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Session Overview
RN36_07a_H: Europeanization: Perceptions and Discourses
Thursday, 31/Aug/2017:
4:00pm - 5:30pm

Session Chair: Zenonas Norkus, Vilnius University, Faculty of Philosophy
Location: HB.2.16
HAROKOPIO University 70 El. Venizelou Street 17671 Athens, Greece Building: B, Level: 2.

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Belonging to Europe, Returning to Europe or Behaving like Europeans? Semantic aspects of Memory and Space of Self-Thematization of the Baltic States

Liena Galeja

Latvian Academy of Culture, Latvia

The beginning of 2017 marked a minor battle of thematization of the Baltic states, reflected both in political debate and public discourse level. Three significant benchmarks should be mentioned: first, an open request by the ambassadors of the Baltic States pleading for discarding thematization of the Baltic States as post-Soviet republics in German media, second, the debate about the classification of the Baltic States as Northern European countries – although regionally still belonging to Eastern Europe - by the UN (although stated as early as in 2002), and finally, the following discussion in public media suggesting that Baltics could perhaps be regarded as a unique case not attached to any region (Cepurītis, 2017). This discussion, like Bloomberg View columnist Leonid Bershidsky has suggested, might signify an issue of self-identification, or at least an upcoming tendency of reassessing certain aspects forming historical master narratives of the Baltic States, particularly those linked to interrelations of memory and space and the thematization of these aspects. The proposed paper traces structural changes of these aspects in the Baltic States with a specific attention to how these changes are influenced by nationalist – post-nationalist – neo-nationalist tendencies in both political and public discourse.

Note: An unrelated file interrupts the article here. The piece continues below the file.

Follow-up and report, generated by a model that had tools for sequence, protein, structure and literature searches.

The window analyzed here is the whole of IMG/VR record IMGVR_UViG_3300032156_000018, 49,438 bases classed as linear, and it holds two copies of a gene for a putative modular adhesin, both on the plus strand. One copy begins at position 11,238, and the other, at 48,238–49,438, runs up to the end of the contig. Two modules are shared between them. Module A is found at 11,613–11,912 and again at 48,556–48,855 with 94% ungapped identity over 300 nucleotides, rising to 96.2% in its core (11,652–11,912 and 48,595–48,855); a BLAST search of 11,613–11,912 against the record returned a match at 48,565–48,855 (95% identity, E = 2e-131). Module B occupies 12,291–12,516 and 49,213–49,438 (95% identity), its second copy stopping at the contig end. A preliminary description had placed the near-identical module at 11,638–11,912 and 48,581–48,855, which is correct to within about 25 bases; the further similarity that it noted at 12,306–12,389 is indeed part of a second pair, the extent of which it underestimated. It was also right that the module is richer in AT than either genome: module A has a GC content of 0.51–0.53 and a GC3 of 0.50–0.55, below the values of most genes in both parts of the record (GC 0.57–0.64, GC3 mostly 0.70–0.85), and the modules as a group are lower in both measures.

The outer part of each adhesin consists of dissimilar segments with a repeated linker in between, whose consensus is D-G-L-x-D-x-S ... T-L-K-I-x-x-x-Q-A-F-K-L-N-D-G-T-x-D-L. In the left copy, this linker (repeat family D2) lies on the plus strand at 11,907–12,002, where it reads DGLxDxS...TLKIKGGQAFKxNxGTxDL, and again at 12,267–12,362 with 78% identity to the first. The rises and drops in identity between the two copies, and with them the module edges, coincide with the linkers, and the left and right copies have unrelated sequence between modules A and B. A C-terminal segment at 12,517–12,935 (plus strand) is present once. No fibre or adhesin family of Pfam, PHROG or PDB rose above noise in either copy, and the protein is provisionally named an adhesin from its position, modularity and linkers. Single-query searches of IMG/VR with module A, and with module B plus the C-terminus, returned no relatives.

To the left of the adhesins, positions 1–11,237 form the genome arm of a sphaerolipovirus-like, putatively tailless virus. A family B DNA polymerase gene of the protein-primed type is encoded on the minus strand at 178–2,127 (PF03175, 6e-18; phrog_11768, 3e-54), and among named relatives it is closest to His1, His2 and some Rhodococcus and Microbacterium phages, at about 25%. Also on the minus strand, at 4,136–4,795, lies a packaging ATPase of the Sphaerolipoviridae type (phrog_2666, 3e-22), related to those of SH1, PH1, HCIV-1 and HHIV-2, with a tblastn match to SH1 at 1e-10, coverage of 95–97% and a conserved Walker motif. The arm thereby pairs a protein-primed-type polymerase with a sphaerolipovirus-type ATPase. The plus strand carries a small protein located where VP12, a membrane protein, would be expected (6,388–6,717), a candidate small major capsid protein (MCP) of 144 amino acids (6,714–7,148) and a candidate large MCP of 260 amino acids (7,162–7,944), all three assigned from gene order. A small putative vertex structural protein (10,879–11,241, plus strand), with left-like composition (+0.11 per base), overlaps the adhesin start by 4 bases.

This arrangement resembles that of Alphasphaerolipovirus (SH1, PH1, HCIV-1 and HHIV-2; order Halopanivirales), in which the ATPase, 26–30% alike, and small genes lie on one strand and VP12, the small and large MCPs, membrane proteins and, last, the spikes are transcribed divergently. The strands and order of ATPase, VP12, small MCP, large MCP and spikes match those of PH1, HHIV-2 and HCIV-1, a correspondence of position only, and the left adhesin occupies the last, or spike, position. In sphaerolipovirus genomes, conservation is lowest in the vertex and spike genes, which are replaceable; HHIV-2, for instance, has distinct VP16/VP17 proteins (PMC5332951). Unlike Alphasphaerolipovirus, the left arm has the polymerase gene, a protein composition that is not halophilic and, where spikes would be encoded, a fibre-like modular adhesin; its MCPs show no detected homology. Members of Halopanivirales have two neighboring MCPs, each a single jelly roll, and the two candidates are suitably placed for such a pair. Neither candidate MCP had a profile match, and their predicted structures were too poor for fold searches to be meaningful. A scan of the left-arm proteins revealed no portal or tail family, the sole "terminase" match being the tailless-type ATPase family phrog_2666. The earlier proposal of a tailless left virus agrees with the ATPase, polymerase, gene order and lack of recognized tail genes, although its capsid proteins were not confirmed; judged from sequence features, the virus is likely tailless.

Between an Alien and a Citizen. “Fuzzy” Citizenship in the West and in the East

Daria Łucka

Jagiellonian University, Poland

The concept of a “fuzzy” citizenship appears in two different contexts. The first one refers to the situation of immigrants, who are long-term residents in particular countries, exercising more and more rights, which makes their status - as the so-called “denizens” - close to the status of citizens. The second context refers to people living outside their home states, who are granted privileges and benefits by these states, in some cases enjoying numerous rights even without a formal citizenship . Such a special treatment is based on the ethnic links of these compatriots with their countries of origin.

In the paper, these two types of a “fuzzy” citizenship will be analysed as related to modern and postmodern transformations. Their reference to the classical division between Western and Eastern Europe will also be examined.

Performing Europeanisation in Georgia: What do Political and Popular Discourses Reveal?

Lia {Lika} Tsuladze

Tbilisi State University/Center for Social Sciences, Georgia

After persistent attempts, Georgia signed the Association Agreement with the EU in 2014. Georgia’s persistence can be explained by various factors roughly divided in the utilitarian and identity ones and revealed in Georgians’ political and popular discourses on Europeanisation.